If you are considering radiology, I would also ask them that vis-a-vis the location. Ours are small but very near all the other nerves so radiology may pose risks to hearing and facial nerve also since they are all there.
Actually, both types of treatment -- radiation and surgery -- pose risks to nearby nerves. If a nearby nerve is touched during surgery, it may lose some function -- even if it remains anatomically intact. And while radiation may irritate or damage nearby nerves, both CyberKnife (CK) and GammaKnife (GK) have roughly a 1mm margin of error and are not too likely to cause serious collateral damage to nerves not enveloped by the tumor. The facial nerve is very resilient and unlikely to be affected by radiation treatments. The balance and hearing nerves are more sensitive and easily damaged or irritated. But scraping even a small tumor off the balance nerve during surgery can potentially cause as much or more damage as radiation exposure. Meanwhile, radiation avoids many of the potential complications of surgery, including CSF leakage (somewhat common), chronic headaches (about 10-15% risk with retrosigmoid approach), hydroencephalitis (rare), and cognitive or behavioral changes (also rare, and presumably due to retraction of the cerebellum). My point is that both types of treatment involve risks, and damage to nearby nerves is not a concern only with radiation.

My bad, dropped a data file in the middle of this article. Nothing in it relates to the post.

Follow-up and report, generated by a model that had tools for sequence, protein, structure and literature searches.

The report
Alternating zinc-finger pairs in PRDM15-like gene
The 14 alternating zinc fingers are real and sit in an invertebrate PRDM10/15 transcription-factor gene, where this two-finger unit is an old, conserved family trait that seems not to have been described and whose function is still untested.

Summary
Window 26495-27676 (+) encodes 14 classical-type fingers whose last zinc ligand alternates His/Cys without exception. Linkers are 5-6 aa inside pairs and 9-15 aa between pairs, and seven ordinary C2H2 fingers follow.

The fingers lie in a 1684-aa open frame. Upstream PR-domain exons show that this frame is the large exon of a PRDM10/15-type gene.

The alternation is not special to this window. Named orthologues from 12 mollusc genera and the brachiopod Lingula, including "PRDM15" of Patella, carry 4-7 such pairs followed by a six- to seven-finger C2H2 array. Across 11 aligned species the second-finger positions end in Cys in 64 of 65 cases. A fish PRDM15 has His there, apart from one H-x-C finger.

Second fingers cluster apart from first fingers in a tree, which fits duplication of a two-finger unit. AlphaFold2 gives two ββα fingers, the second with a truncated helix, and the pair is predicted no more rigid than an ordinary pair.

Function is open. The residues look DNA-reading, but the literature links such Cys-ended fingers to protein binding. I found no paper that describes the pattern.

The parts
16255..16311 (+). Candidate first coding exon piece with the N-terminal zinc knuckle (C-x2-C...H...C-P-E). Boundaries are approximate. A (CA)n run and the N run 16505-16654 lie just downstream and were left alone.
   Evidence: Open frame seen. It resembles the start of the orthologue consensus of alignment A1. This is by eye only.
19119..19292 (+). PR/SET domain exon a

With all due respect to Neal, statistics show that there is roughly equal chances of a tumor growing back with either radiation or surgery, so that shouldn't factor into your decision-making. Also, I wouldn't be overly concerned with the long-term effects of radiation: to my knowledge, none of the early adopters of GK and CK have ever observed malignancy caused by radiation on followup visits by previously treated patients, and the history for GK, in particular, is decades long for many patients now. Dr. Chang has treated over 700 patients and has never observed malignancy at the site of a treated tumor. The odds of malignancy occurring are statistically the same as the risk to the general population for getting cancer.
I think it is far better to focus on immediate risks associated with a given procedure than to become fixated on hypothetical risks decades into the future that nobody has yet confirmed.
Toward that end, ask your doctors what are the risks, in percentage terms, associated with all the types of treatments you are considering. In general, retrosigmoid approach (to surgery) carries a higher risk of chronic headaches and hearing loss compared to middle fossa approach. However, middle fossa approach carries a higher risk of damage to the facial nerve (which must be navigated around when using this above-the-ear entry point) compared to retrosigmoid. Translabyrinthine approach ("translab" for short) carries a 100% certainty of deafness following surgery, as it entails the complete removal of all hearing structures (as well the vestibular nerve).
I think W&W should be strongly considered if you are having little or no symptoms. Dr. Brackmann once told me he has seen some ANs stay the same size for over 20 years. All forms of treatment carry very significant risks. But if you are already losing some function (whether hearing, balance or other), then you should not wait too long before getting treated.